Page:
Monday, August 13, 2012

Do you want to have a career?

Rainy path. 20"x16". Oil on canvas panel 
I’ve been thinking lately about what “a career as an artist” (let alone “building career as an artist”) might mean for different people. This particular train of thought was set off when I read a comment left by Paula Roland on Joanne Mattera’s recent blog post about Ivan Karp . Paula Roland recalls, fondly, how he asked her (and I quote from her comment):

 — Do ya wanna live in a beautiful place with great weather, or do ya wanna have a ca-reeeeeeer?

(She lived then, and, per her G+ profile, still lives, in Santa Fe. He, of course, lived in NYC). 

I won’t claim a sufficient naivety not to understand what was meant, yet this didn’t make my mind "itch" any less, returning to this comment again, and again, and again; or maybe it was just the right time for me to think about whether I want to “have a ca-reeeeeer” and what it is that bothers me about this concept (or even conceit?).

Since I did pursue a career for a large chunk of my life, a career in linguistics, I tend to resort to dictionaries when in doubt. Here is what they told me about “careers”.

According to the Oxford dictionary of English, a career is 
  • an occupation undertaken for a significant period of a person’s life and with opportunities for progress. 
The Free dictionary by Farlex distinguishes two distinct meanings here: 
  • A chosen pursuit; a profession or occupation. 
  • The general course or progression of one's working life or one's professional achievements
So does the Merriam Webster Dictionary, but in a slightly different way: 
  • a field for or pursuit of consecutive progressive achievement, especially in public, professional, or business life;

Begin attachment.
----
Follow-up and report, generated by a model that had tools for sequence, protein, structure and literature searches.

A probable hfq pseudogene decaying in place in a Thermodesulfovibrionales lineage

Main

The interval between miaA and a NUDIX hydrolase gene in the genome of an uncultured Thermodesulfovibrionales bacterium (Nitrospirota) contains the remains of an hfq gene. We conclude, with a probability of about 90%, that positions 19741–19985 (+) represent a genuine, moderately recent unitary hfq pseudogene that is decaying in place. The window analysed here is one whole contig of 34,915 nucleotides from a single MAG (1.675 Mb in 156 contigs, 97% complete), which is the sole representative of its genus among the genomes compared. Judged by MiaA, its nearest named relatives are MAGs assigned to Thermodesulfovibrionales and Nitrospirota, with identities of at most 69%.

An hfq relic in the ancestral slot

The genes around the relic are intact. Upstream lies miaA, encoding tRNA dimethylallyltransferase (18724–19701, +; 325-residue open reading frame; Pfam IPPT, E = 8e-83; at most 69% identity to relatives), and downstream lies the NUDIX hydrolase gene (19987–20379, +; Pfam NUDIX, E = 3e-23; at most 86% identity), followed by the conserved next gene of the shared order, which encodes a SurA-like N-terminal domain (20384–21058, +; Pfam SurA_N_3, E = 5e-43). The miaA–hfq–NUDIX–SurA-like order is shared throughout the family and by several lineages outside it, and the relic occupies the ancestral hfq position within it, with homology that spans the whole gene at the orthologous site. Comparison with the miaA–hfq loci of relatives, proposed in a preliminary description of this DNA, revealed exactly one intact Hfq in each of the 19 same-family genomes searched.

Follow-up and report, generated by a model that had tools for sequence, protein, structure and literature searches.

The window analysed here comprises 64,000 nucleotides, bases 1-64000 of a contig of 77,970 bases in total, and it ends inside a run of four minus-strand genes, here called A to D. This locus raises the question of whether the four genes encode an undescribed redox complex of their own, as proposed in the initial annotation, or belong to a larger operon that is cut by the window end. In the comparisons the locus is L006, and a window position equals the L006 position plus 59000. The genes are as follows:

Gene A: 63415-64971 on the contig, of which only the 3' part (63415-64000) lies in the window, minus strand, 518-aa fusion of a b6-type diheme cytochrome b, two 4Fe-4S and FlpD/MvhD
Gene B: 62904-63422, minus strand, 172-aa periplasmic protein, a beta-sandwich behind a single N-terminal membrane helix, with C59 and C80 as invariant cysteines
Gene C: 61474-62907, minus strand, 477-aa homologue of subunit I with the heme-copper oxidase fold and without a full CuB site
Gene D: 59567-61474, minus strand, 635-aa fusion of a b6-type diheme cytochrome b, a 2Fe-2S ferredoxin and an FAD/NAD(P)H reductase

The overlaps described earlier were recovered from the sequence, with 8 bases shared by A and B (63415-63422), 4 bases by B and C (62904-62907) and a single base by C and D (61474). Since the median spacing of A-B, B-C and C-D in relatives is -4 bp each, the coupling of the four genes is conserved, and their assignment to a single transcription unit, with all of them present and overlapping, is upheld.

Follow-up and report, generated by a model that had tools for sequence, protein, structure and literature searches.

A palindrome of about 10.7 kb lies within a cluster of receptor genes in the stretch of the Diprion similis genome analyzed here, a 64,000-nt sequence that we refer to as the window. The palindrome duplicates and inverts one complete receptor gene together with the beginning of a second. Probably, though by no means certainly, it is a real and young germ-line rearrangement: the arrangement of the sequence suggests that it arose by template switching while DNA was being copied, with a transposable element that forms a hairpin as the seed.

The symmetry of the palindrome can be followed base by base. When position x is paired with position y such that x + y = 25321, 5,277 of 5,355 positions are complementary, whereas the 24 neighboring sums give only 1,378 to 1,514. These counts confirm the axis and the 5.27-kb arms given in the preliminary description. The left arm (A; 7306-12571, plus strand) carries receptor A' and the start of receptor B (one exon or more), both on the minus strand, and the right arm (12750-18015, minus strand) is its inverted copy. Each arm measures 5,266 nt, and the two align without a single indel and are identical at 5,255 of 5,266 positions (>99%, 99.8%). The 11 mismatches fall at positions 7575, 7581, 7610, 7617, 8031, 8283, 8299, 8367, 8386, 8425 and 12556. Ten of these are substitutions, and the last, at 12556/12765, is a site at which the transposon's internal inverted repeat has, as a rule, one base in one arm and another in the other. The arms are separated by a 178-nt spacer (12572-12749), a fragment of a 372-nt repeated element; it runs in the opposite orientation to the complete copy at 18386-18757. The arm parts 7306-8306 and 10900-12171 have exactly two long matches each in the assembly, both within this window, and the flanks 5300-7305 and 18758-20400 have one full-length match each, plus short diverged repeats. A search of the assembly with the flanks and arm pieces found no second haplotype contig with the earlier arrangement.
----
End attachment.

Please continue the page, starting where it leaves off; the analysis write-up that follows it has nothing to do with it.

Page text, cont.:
• profession for which one trains and which is undertaken as a permanent calling. 

Have you noticed the distinction between one’s own commitment and fuel (“significant period of a person’s life”, “training”, “permanent calling”) and the expected course, or progression of achievements? A duality (somewhat underplayed by the Oxford definition) perhaps not surprising from this word, which, before entering English from French, has travelled across several Romance languages, vacillating between the meanings of “vehicle, wagon” and “road, path” it travels. Notably, Oxford understates the “road-like” component (reducing it to vague “opportunities”), while Merriam Webster highlights it as the first meaning (and the Free Dictionary is somewhere in-between).  It’s just that now we are the (horseless) wagons, and there are various paths set for us to “progress” as expected. The wagon has to be there, to be sure, and it has to propel itself in one way or another, but what is the expected path and its progression?

Leaving the etymological residues aside, the way the word “career” is used now invokes rather the image of a ladder than a path: that’s why we can talk of “the height” of one’s career (and it is not necessarily it’s endpoint). A career is not a road we travel but a ladder we climb (or eventually fall from). The steps of this ladder can be described in one of three ways:
  • Each next step is a more significant accomplishment than the previous one.
  • Each next step is a more prestigious position (job, show, gallery, collection).
  • Each next step brings one more income than the previous one.
    I am almost sure there are professions where these aspects of career ladders nicely harmonize with one another (at least until one reaches one’s level of incompetence). This would naturally happen if the significance of accomplishments strongly depends on experience (successfully leading larger research projects or institutions, for example, or taking on a higher level of responsibility). But in most cases I am aware of, this is not quite the case; moreover, these ladders quite often lead in different directions – so that taking a deliberate next step along one of them, you fall crushing from one or both of the others.

What is even more important, come to think about it, is that the first aspect, the crucial one, cannot even be expected to be a ladder. One can always hope to achieve something more significant next time (be it a research project, a book, a movie, a painting, a sculpture), but it almost never happens quite like that. Nor should it, really – insofar as taking risks is a prerequisite for any significant achievement. Nor is this path a paved road with a known destination, but rather a barely visible trail in an undiscovered country. There are no careers there.     

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